By Intizar Husain 

Ghalib Institute, New Delhi, has brought out a new volume, Ghalib and His Times. Though there is enough reading material in it, it is primarily a coffee-table book meant to help us understand the nature and background of the photographs and illustrations contained within. The book has been compiled by Sadiqur Rehman Qidwai, Shahid Mahuli, and Raza Haider.

Ghalib Institute was formed in 1969 on the occasion of Ghalib’s death centenary, which had been officially celebrated at the initiative of Dr Zakir Husain with active participation of the then president of India, Fakhruddin Ali Ahmed, and prime minister Indira Gandhi.

The secretary of the institute, Rehman, has in the introduction to the volume explained the need to understand Ghalib’s context: “India and Delhi of Ghalib’s times is immensely important from a historical angle. In view of this, it was essential that all that is preserved in our memory be recast through illustrations. After 1857, when photography became common, much has been preserved in pictures. But the period before 1857, which was the most important phase of Ghalib’s life, slowly vanished from common memory. In this volume we have tried to review through illustrations all that was lost.”

Ghalib and His Times has been compiled to provide a graphic description of the times Ghalib lived in through the cities associated with the poet and how they were then. As for the historic city of Delhi where Ghalib lived and died, much has been written. Apart from the historian’s version we have access to reminiscences recorded by visitors as well as by the old Dilliwallas who took pride in calling themselves rore (pebbles) of Dilli.

An attempt has been made in this book to provide a full picture of Delhi, both in times of peace and war. The depictions are so realistic that it seems as if the city has come to life. The depictions of the battle scenes from the war of 1857 are in particular very impressive. Every illustration is followed by a description of the situation in Urdu and in English. A number of these descriptions, particularly those relating to the killings and looting, have been picked up from the writings of Ghalib. These add immensely to the effectiveness of the illustrations and we feel ourselves in the grip of those ferocious moments.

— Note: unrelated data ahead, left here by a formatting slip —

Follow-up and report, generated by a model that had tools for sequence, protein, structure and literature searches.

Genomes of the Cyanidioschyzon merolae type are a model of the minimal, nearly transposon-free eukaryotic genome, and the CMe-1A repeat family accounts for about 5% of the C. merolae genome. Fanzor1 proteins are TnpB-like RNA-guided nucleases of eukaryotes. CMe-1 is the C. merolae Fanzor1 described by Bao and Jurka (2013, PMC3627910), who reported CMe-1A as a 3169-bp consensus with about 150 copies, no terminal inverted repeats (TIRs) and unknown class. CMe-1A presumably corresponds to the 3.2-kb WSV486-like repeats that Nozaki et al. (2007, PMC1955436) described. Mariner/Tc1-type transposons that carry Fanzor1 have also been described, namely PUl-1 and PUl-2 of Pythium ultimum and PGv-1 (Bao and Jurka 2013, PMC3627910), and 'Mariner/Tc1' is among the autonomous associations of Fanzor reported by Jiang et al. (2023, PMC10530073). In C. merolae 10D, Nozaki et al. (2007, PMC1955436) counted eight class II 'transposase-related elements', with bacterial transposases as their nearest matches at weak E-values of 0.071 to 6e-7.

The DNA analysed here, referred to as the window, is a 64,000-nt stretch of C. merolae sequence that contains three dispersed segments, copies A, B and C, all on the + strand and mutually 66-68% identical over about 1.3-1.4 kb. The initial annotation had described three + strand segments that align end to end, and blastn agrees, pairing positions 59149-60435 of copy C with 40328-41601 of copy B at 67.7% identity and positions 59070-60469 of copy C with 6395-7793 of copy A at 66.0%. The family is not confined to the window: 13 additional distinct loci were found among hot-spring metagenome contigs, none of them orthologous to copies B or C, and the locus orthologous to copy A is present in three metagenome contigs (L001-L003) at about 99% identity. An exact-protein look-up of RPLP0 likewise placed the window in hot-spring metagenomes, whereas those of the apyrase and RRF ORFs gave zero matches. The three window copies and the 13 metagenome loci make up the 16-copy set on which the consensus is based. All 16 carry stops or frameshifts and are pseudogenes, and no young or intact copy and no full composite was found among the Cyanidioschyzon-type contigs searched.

But Delhi alone is not the centre of attention. We are given glimpses of a number of other Indian cities as well that had the honour of being visited by him, for instance Agra, Banaras, Rampur, Lucknow, Azimabad, Calcutta and Allahabad.

One his way to Calcutta, Ghalib stayed in a number of cities. Of them all, Banaras in particular inspired him a lot. In praise of the city, he wrote a masnavi in Persian under the title Chiragh-i-Dair.

As for Akbarabad now known as Agra, it was the birthplace of Ghalib and he spent his childhood there. But while depicting Akbarabad, the compilers chose to ignore Nazir Akbarabadi. The fact is that if this city has a place on the map of Urdu poetry it is because of Akbarabadi. It seems that the compilers are still stuck to the prejudices the elites of Delhi had developed with respect to the poet.

Everything that we know about Ghalib’s times with particular reference to Delhi is because of the writers who have written extensively on this subject. Now this information has been recast for our benefit in visuals, through photographs and illustrations. This well-produced volume is a precious addition to Ghalibayat and at the same time may impart some glamour to our bookshelves.

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